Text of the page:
Freshwater Marshes
The freshwater marshes are located at the centre of the Park with some 10 hectares in size. The marshes consist of different habitats, including open water to attract ducks and ardeids; shallow water to encourage feeding by waders; marshes for shy waterbirds; and islands for roosting of ducks and rails. The abundant food supply makes the marshes an ideal place for a number of species including birds and fish to inhabit as well as nursery areas for aquatic invertebrates. It is one of the most important wetland habitats in the Park.


Mangroves are special plants inhabiting in sheltered shores in tropical and subtropical regions. Mangroves in the Park were established along the intertidal channels prior to the construction of the Park. Through the mangroves, a floating boardwalk was built to provide opportunity for visitors to observe mangroves and its associated wildlife from a short distance. Mangroves have specialised structures and mechanisms to adapt the harsh intertidal environment. They are primary producers providing food, shelter and nursery to a large number of animals including mudskippers and fiddler crabs.


Intertidal Mudflat
Intertidal mudflat is the transitional area between the marine and terrestrial environments with muddy substratum. The 5-hectare intertidal mudflat in the Park was built to replicate the tidally inundated mudflats in the Deep Bay area, and designed primarily to attract migratory birds, especially waders. The mudflat was equipped with sluice gates to control the tidal flow, hence to control the level of water in the mudflat. The water level can be kept low in the mudflat to provide feeding site for waterbirds during high tides at the Deep Bay.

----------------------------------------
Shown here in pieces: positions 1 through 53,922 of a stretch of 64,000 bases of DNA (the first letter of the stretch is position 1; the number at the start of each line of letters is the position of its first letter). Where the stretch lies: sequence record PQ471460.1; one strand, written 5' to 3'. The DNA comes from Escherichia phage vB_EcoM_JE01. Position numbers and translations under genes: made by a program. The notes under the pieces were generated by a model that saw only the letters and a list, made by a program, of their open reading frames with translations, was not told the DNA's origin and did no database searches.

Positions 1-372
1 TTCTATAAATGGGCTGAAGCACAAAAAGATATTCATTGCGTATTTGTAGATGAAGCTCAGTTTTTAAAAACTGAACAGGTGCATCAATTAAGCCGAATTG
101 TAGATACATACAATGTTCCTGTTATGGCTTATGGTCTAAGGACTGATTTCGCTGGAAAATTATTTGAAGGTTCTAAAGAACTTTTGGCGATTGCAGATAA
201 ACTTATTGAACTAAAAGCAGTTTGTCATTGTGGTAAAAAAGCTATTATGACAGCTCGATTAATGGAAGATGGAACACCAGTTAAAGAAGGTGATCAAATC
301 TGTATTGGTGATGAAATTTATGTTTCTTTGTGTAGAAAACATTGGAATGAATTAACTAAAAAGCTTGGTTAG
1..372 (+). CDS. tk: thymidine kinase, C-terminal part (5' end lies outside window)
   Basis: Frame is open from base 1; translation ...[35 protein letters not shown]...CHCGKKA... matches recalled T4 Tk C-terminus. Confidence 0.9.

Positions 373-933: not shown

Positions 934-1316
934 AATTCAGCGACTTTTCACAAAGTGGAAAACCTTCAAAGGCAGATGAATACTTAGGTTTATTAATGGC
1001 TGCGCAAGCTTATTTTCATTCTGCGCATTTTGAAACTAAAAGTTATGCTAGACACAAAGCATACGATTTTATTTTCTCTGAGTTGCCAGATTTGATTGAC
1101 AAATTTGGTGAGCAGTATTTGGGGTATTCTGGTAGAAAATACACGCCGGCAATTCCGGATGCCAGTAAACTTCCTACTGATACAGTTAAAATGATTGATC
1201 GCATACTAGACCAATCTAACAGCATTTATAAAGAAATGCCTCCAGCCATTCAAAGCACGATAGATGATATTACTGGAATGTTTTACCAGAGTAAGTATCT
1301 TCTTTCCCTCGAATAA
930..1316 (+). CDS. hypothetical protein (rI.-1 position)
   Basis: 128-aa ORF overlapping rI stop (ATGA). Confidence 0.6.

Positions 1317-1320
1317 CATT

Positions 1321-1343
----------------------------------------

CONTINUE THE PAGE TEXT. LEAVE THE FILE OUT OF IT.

Reed Marshes
The Reed Marshes in the Park include the reedbed filter at the freshwater marshes and a dense stretch of reeds growing along the Wildside Walk. The reedbed filter, covering about 1 hectare of area, is built to treat the water taken from storm water runoff of Tin Shui Wai before it enters the freshwater wetland system of the Park. Reed marshes in the Park provide shelters and food for many kinds of organisms, including birds, amphibians, reptiles and insects.


There are plantations of exotic trees existing on site prior to the development of the Park. In order to enrich the biodiversity, native trees and shrubs were selectively planted in the Park to form different types of woodland/shrub/grassland mosaic. Through careful planning and management, the woodlands are now shelters and home for many insects, birds and mammals.


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